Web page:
Supervision: Jonathan Cormier (Pprime Institute, Poitiers), Florence Pettinari-Sturmel (CEMES-Université Paul Sabatier, Toulouse)

    Financial support: MESR Grant (starting on November 1th, 2020 ; 3 years duration).

    Keywords : Ni-based superalloys, Mechanical properties, Tensile tests, Deformation micro-mechanisms, Dislocations, Transmission electron microscopy.

    Subject and challenge of the project: Single crystal nickel-based superalloys are widely used for aero- engines components, because of their superior high temperature mechanical resistance in order to fulfill several requirements: i) a high !' solvus temperature; ii) a high amplitude of !/!' mismatch; iii) a density as low as possible and iv) a good phase stability.  A new-generation Pt-containing superalloy has been developed between ISAE-ENSMA/Institut Pprime and SAFRAN in France . This new alloy is considered as a potential alloy for future airfoils.

    The aim of this study is thus to concentrate the efforts on the tensile behavior understanding. Tensile tests will be performed at a given temperature (in the range 500 °C 800 °C) for the three SXs (CMSX-4 Plus, TMS-238 and TROPEA), which differ in chemical composition. The final goal will be to confirm the effect of the chemical composition and to understand how it influences the controlling deformation parameters.

    The experimental approach will consist in the realization of tensile tests at ISAE-ENSMA/Institut Pprime (Poitiers) during the first year. A complete analysis of the microstructure and the deformation micromechanisms will be carried out at CEMES using Transmission Electron Microscopy (conventional TEM, in situ TEM tensile tests, TEM spectroscopies: EELS and EDX), during the next two years. The final goal is to identify and quantify the physical parameters controlling the tensile properties at temperature lower than 800 °C for different SXs.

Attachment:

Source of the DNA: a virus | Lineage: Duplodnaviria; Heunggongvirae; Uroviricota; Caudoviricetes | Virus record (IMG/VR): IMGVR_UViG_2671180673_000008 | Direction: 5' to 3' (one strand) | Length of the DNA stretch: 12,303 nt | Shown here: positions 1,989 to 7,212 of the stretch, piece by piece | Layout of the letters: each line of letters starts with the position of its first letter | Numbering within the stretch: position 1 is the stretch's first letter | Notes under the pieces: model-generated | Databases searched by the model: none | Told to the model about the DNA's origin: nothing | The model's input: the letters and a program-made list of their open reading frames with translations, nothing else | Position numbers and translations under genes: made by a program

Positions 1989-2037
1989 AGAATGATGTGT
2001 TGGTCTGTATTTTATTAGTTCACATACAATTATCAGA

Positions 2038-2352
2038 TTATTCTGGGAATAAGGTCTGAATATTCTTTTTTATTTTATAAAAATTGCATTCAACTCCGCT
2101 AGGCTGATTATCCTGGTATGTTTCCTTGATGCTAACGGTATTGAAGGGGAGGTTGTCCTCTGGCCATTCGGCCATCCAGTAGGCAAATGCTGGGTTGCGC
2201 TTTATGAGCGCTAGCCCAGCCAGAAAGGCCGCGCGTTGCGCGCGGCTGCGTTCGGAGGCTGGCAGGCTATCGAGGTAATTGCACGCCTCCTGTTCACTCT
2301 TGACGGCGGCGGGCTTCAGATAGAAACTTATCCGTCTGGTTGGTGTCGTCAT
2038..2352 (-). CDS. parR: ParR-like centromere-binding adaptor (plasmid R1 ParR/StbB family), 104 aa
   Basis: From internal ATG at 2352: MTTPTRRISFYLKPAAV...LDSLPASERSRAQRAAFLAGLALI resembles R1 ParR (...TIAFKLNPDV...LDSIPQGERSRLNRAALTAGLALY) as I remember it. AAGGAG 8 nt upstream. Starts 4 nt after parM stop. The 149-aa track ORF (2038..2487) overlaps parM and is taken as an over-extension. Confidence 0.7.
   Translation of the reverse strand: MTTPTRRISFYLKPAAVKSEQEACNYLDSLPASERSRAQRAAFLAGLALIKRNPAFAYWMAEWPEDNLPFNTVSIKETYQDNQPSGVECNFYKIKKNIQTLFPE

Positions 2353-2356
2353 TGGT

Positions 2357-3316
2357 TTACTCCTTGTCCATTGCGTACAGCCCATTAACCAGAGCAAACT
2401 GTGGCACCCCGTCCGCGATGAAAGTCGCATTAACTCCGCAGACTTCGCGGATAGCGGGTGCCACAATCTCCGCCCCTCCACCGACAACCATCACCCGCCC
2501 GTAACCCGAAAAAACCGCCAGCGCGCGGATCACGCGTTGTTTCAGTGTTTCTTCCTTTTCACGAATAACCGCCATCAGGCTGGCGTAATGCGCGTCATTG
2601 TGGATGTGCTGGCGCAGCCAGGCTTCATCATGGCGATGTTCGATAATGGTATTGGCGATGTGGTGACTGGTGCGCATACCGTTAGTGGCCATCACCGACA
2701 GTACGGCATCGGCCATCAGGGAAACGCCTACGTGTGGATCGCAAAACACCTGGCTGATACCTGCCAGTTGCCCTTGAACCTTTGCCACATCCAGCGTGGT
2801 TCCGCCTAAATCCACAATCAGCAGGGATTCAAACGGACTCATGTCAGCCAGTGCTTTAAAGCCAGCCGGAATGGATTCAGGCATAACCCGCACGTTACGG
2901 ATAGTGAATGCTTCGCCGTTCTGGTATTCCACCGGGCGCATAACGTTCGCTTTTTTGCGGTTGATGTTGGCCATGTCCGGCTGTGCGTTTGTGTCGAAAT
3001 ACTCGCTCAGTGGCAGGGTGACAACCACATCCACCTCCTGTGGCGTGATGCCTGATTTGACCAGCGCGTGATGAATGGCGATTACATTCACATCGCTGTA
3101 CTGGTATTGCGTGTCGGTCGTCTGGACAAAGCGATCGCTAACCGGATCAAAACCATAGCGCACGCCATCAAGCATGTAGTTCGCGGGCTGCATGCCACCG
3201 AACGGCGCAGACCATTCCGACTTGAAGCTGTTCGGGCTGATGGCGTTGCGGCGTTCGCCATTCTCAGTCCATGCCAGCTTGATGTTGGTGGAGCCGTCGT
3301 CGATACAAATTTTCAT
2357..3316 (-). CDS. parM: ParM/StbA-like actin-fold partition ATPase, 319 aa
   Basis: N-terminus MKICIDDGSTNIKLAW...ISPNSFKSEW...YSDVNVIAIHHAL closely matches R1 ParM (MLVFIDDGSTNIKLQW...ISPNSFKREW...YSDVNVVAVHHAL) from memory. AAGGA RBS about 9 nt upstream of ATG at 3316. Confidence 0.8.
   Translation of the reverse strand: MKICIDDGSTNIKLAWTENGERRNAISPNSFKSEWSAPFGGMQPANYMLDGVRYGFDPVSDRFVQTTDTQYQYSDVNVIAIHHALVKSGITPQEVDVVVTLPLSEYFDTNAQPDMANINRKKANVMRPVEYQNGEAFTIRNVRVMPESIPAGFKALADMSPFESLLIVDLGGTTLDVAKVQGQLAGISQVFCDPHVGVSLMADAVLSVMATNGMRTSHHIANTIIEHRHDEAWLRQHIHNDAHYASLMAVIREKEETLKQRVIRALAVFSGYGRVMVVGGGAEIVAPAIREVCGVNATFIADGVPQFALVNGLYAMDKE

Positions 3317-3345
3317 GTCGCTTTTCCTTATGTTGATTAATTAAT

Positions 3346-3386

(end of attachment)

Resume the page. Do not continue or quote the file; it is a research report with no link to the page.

More details here


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  • Research Fellow (AMCASH Technical Officer) - 95931 - University of Birmingham, Edgbaston, Birmingham UK
    Area:  School of Metallurgy and Materials in the College of Engineering and Physical Sciences 
    Salary: Full time starting salary is normally in the range £30,942 to £40,322. With potential progression once in post to £42,792 a year.  Please note that as this vacancy is externally funded, the maximum salary available is £30,942 per annum.
    Hours: Full time 
    Duration: Fixed Term Contract up to 31 March 2023
    Location:  University of Birmingham, Edgbaston, Birmingham UK
    Closing date: 17 April 2020
    Job Summary
    This vacancy is funded by the European Regional Development Fund. Please note, there are three posts available.

    This post will create and contribute to the creation of knowledge by undertaking a specified range of activities within an established research programme and/or specific research project. For more information about AMCASH please visit

    https://www.birmingham.ac.uk/partners/sme-support/Business-Support-Programmes/amcash.aspx and http://www.amcash.co.uk


    The post holder’s primary objective will be to ensure that the suite of technology demonstrators to be delivered in the project meet the needs and expectations of stakeholders and provide a compelling case for the uptake of manufacturing simulation and material characterisation by regional manufacturing SMEs.

    Main Duties
    For one position, the mission consists in 40% standard microstructural characterization using TEM, SEM, Optical Microscope etc . And 60%  focus on experiments of in-situ straining of metallic samples including Mg, Ti and engineering alloys such as Ni base superalloys. Background experience of TEM study of dislocations would be appreciated

    The responsibilities may include some but not all of the responsibilities detailed here.

    Informal enquiries to Dr Yu Lung Chiu, y.chiu@bham.ac.uk or telephone 0121 414 5190 

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  • Missions / PhD topic


    The successful candidate will join the I3EM (“In situ, Interferometry and Instrumentation for Electron Microscopy”) team at CEMES-CNRS and will study the modifications of electric and magnetic fields by light absorption in nanostructured semiconductor materials using in situ electron holography.